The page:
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March of Dimes
Adam Purple

     "Cut through the park, and we can save ourselves a mile," said the boy walking closest to me. The others hailed his proposal, which even I had to admit, would yield a perfect, and victimless crime. But in my back pocket was my pledge sheet, a short list of ten and twenty cents per mile from family, neighbors, friends—and me.
     "No, Iím finishing the route," I said. One after another, they peeled off and left me. Yet fifty steps later, they were back en masse, nothing further said. We finished together, the last mile the easiest of them all.

Adam Purple lives in New Hampshire, and dreams of being a writer. This is his first publication. He blogs about writing at www.writernot.com.



Signs
Janel Gradowski

     She took the craft class to live in another world for awhile. Magical, gray clay turned to real silver under the unrelenting torch flame. The miniature ďOut of OrderĒ sign she made always hung from a chain around her neck. It was the most expensive piece of jewelry she owned, including her wedding ring.
     The house was falling apart, but there was never enough money to repair anything. His laugh was brittle when he sat on the sagging couch and watched cartoons. Maybe it was better they didnít have kids. The garbage disposal, her husband, her ovaries: nothing worked anymore.

Janel Gradowski lives and writes among the farm fields of central Michigan. Her non-fiction and fiction work has appeared in Six Sentences, 50 to 1, Beadwork Magazine and several other publications. More of her work and thoughts on many things can be found at: janelsjumble.blogspot.com.



Duct Tape
Robert Scotellaro

     My father thought duct tape could fix anything. He used it to pat us down for lint, to block the tub's overflow, so the bath water reached our chins—on lawn furniture and frayed wires, baring their orange teeth; keeping us safe. And finally, those last years, a kind of duct tape he tried on his marriage—dust and booze undoing its sticking power. The deafening sound of it pulled from the role, again and again. Each new piece cut with his teeth; never holding. Better served for those broken taillights and garden hose leaks, where its magic never failed.

Robert Scotellaro's flash fiction and poetry have appeared in: Fast Forward (A Collection of Flash Fiction, Volume 2), Boston Literary Magazine, Dogzplot, Willows Wept Review, mud luscious, Ghoti, 971 Menu, The Laurel Review, Storyscape, Battered Suitcase, Six Sentences, Macmillan collections and others. He is the author of several literary chapbooks, two books of poetry, and the recipient of Zone 3ís Rainmaker Award in Poetry. Born and raised in Manhattan, he currently lives in California with his wife.



Walking on Eggshells
Carrie Kei Heim Binas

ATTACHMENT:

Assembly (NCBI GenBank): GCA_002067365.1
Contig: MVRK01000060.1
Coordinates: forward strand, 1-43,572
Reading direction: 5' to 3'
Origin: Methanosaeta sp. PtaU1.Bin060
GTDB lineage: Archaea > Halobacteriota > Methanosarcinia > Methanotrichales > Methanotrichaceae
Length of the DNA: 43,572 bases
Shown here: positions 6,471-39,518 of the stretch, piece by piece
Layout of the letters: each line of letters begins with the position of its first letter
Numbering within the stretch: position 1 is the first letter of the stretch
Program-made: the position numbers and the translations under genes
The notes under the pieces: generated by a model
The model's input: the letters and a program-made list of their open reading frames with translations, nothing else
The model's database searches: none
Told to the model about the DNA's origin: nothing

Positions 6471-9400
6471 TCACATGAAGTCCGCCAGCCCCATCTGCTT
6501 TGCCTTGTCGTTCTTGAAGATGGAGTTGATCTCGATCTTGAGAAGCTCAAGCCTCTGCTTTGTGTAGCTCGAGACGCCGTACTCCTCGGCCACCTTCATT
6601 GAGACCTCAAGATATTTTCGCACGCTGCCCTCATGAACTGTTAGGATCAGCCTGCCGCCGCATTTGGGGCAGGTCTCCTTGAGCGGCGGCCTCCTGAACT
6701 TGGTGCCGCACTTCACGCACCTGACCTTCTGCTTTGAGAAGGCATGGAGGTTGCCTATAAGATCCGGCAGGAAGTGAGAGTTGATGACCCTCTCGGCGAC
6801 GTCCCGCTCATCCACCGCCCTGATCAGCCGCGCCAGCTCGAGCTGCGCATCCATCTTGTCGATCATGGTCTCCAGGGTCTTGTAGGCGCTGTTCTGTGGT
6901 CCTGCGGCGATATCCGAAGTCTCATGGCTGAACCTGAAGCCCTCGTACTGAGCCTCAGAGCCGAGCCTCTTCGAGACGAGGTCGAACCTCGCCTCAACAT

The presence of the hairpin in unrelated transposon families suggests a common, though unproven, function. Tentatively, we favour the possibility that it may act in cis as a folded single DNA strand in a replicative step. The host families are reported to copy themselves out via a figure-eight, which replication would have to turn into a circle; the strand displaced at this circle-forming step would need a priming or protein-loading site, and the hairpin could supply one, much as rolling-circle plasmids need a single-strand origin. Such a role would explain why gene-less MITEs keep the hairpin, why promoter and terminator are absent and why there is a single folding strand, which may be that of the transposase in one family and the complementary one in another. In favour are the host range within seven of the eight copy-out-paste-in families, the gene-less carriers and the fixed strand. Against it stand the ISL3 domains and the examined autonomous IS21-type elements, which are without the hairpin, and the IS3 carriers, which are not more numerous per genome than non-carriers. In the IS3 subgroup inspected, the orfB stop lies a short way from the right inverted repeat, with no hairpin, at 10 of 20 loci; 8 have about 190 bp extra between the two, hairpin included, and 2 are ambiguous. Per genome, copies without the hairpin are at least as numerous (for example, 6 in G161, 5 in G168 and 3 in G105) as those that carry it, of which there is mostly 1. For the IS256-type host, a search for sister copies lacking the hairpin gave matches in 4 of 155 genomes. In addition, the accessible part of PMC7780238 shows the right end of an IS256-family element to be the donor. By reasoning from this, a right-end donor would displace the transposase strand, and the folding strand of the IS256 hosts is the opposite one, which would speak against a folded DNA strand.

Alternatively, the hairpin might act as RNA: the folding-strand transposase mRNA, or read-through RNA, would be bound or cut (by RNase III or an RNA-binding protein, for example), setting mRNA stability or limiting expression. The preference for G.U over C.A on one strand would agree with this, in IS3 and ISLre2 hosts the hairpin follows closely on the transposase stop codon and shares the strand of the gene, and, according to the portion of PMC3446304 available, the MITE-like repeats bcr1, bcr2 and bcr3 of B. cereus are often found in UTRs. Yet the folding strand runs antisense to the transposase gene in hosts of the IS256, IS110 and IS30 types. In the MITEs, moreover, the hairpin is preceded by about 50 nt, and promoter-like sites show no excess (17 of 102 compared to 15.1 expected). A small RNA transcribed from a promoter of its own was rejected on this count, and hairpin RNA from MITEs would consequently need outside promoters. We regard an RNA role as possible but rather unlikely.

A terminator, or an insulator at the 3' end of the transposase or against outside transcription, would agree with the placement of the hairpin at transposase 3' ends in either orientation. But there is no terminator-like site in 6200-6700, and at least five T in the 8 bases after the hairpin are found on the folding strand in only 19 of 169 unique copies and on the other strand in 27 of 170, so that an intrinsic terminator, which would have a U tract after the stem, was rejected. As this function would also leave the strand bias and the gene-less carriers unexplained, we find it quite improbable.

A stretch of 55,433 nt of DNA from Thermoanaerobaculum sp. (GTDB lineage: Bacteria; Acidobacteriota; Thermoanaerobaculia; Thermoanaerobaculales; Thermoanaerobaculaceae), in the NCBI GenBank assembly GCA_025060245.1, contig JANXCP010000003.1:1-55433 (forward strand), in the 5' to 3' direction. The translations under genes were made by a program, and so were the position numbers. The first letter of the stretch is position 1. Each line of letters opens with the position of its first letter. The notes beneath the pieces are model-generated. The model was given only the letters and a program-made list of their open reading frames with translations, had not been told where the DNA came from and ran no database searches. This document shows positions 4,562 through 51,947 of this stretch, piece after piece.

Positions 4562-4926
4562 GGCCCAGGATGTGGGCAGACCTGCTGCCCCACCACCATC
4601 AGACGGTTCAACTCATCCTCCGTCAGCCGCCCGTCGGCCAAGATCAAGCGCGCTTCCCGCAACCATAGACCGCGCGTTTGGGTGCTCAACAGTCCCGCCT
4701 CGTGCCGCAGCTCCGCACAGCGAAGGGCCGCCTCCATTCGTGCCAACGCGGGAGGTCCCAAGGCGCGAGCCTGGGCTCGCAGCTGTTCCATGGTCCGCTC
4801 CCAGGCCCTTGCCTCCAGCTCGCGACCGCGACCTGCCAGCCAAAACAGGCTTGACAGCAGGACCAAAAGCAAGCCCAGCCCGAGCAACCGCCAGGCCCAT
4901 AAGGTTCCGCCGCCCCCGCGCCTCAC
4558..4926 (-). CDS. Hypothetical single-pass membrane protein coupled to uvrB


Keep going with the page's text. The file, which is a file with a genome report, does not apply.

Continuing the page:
She talks to me in whispers, feeding me sunflower seeds while he plays video games in the next room. He's been out of work for so long. She doesn't think he's even looking anymore. She doesn't know how they can afford to keep going on like this, but she can't talk to him about it: he gets too defensive. You know how men are.
     I preen the back of my neck, pinching each new feather at the bottom to break, then strip off, the flaking sheath. Anyone who talks about eggshells like they're fragile has obviously never been inside one.

Carrie Kei Heim Binas has a B.A. in French from Vassar College, a second B.A. in English from Hunter College, and a J.D. from the University of Pennsylvania Law School. She lives in the Boston area with her more-than-equally-credentialed husband, and daughter, and blogs about writing at www.heimbinasfiction.blogspot.com. This is her first publication.



Apple Pie
William T. Vandemark

     Green infantrymen muster on the garage floor, their bodies glistening with freshly daubed plastic cement. The enemy, strapped with flamethrowers, patrols the fence line. Their Captain, pistol raised, awaits orders.
     Enter a boy, ten years old, a can of hairspray, an Ohio Blue Tip match.
     Soldiers writhe in agony, hissing, limbs twisting, ichorous flames dripping. Torsos pop like panicked gunshots. The horror. Oh, the horror.
     Lives puddle. Black smoke, acrid, curls. On the ceiling, sooted glyphs document war crimes.
     After dinner, air still crusted with the stench of death, Father dishes out corporal punishment.
     But oh, the glory. The glory.

William T. Vandemark wanders the back roads of America in a pickup. He chases storms, photographs weathervanes, and prospects for fulgurites. When wanderlust ebbs, he resides in Seattle or San Antonio, depending on personal and planetary inclination. His short stories have appeared in assorted venues as detailed at www.williamtvandemark.com.






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